If you saw our post on how to run old DOS games from your youth on Linux, and you happened to be an Atari brat while you were growing up, then you’re not left out in the cold. With the right software, you can relieve your 8-bit glory days on your Linux machine.
To play your Atari games, the best emulator on any platform is Stella. Stella is an Atari 2600 emulator that works on Linux, Mac OS X, Windows and even more obscure systems like IRIX. It provides a very accurate emulation of the classic gaming system, and plays nearly every game ever released for it.
To install Stella, you can either install it from the Software Center or use this command:
sudo apt-get install stella
The official Ubuntu repositories lag somewhat behind the Stella project’s version, so if you absolutely must have the latest and greatest version, you can download the .deb package and install it manually.
To do that, just navigate to the directory you downloaded the .deb file and issue this command:
sudo dpkg -i stella_3.7.2-1_i386.deb
This example shows the i386 version. If you’re running a 64-bit system, jut replace “i386” with “amd64”.
You can then launch Stella in the usual way you’d launch any other Ubuntu app. When you first start it up, you’ll have to point Stella to where you keep your Atari games. You’re on your own for actually getting them, though, as they’re still under copyright. On the other hand, there haven’t been a whole lot of RIAA-style lawsuits over these games.
You’ll also have a number of options available. The most important is between software and hardware rendering for OpenGL. Even though these are 8-bit games from the ’80s, you’ll get a smoother experience using your video card to do most of the work. You’ll also have the option of choosing from a variety of effects meant to simulate the look of an old CRT TV to play your games. Many of the games were designed specifically to take advantage of the way those old TVs worked. Remember, LCDs and plasma screens weren’t available in the ’80s.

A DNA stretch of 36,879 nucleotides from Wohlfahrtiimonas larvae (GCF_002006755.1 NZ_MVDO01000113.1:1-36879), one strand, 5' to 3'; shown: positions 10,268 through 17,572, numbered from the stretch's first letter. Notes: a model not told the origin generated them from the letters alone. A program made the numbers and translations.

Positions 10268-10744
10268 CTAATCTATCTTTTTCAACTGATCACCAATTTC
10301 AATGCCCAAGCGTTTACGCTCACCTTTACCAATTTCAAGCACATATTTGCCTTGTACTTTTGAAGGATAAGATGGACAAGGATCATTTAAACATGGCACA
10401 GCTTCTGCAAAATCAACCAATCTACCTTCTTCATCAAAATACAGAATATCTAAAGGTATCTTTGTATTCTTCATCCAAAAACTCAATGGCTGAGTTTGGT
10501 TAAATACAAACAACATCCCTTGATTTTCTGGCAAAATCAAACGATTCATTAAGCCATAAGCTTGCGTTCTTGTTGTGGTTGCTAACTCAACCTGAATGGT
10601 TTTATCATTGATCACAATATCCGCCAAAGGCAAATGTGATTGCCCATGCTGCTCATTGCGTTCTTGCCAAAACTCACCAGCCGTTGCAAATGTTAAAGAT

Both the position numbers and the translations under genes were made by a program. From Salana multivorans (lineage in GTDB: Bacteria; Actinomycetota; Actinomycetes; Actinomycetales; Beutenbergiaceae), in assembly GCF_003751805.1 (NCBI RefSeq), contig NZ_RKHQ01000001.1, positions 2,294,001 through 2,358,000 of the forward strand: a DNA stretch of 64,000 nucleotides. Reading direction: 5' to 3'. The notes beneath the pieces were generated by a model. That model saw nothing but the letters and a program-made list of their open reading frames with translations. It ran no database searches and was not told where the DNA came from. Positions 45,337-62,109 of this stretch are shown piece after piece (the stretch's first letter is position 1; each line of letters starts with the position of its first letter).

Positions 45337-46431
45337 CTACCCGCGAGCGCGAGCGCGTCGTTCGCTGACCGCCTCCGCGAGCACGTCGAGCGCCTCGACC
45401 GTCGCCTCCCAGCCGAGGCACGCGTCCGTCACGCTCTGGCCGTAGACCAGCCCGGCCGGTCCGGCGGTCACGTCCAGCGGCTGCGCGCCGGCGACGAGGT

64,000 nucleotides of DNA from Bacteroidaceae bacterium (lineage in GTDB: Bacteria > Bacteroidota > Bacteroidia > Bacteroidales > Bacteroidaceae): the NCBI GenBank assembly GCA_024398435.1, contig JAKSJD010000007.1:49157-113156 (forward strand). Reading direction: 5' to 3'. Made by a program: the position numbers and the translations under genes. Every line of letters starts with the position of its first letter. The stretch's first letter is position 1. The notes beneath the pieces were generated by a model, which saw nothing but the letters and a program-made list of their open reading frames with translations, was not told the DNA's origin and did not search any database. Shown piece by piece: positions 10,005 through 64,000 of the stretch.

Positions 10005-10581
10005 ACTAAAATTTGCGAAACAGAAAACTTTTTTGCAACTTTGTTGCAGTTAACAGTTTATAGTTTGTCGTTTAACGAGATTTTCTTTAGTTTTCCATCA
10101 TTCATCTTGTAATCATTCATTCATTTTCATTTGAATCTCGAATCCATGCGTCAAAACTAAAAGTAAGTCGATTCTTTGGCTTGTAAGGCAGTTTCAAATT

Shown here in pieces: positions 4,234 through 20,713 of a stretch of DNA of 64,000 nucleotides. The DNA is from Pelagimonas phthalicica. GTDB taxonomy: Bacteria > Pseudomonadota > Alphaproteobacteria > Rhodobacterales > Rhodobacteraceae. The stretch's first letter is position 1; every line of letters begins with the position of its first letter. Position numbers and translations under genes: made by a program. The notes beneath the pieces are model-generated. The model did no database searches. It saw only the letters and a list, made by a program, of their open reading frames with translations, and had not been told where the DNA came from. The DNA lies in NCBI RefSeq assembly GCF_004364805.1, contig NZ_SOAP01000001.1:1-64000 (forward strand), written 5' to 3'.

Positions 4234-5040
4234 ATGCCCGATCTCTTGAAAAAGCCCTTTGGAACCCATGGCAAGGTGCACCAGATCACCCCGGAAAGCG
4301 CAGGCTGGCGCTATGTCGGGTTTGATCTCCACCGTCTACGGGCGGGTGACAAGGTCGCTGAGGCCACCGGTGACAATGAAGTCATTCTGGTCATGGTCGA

You can also set up how the controls work. In the default settings, the function keys control the game reset, game select, black-and-white/color, difficulty, etc. The arrow keys control the joystick, and the mouse controls the paddle for games like “Breakout” and “Kaboom!” The defaults work pretty well, though you’re always free to customize. You might want to tweak the mouse sensitivity if you keep missing the ball in “Breakout,” though.
Once you’ve got everything set up, you can then start your game by double-clicking on it in the launcher.
With the right hardware, however, you can plug in real Atari controllers. The Stelladaptor plugs into your USB port to let you have something closer to the real Atari experience. Of course, you could dig out your real console, but who knows how 30+-year-old hardware is going to work. On the other hand, those old cartridges are pretty hardy.
If you’re pining for your Atari 2600 but it’s pining for the fjords, if you’re a Linux fan, you can play games like “Pitfall” again using some free software.
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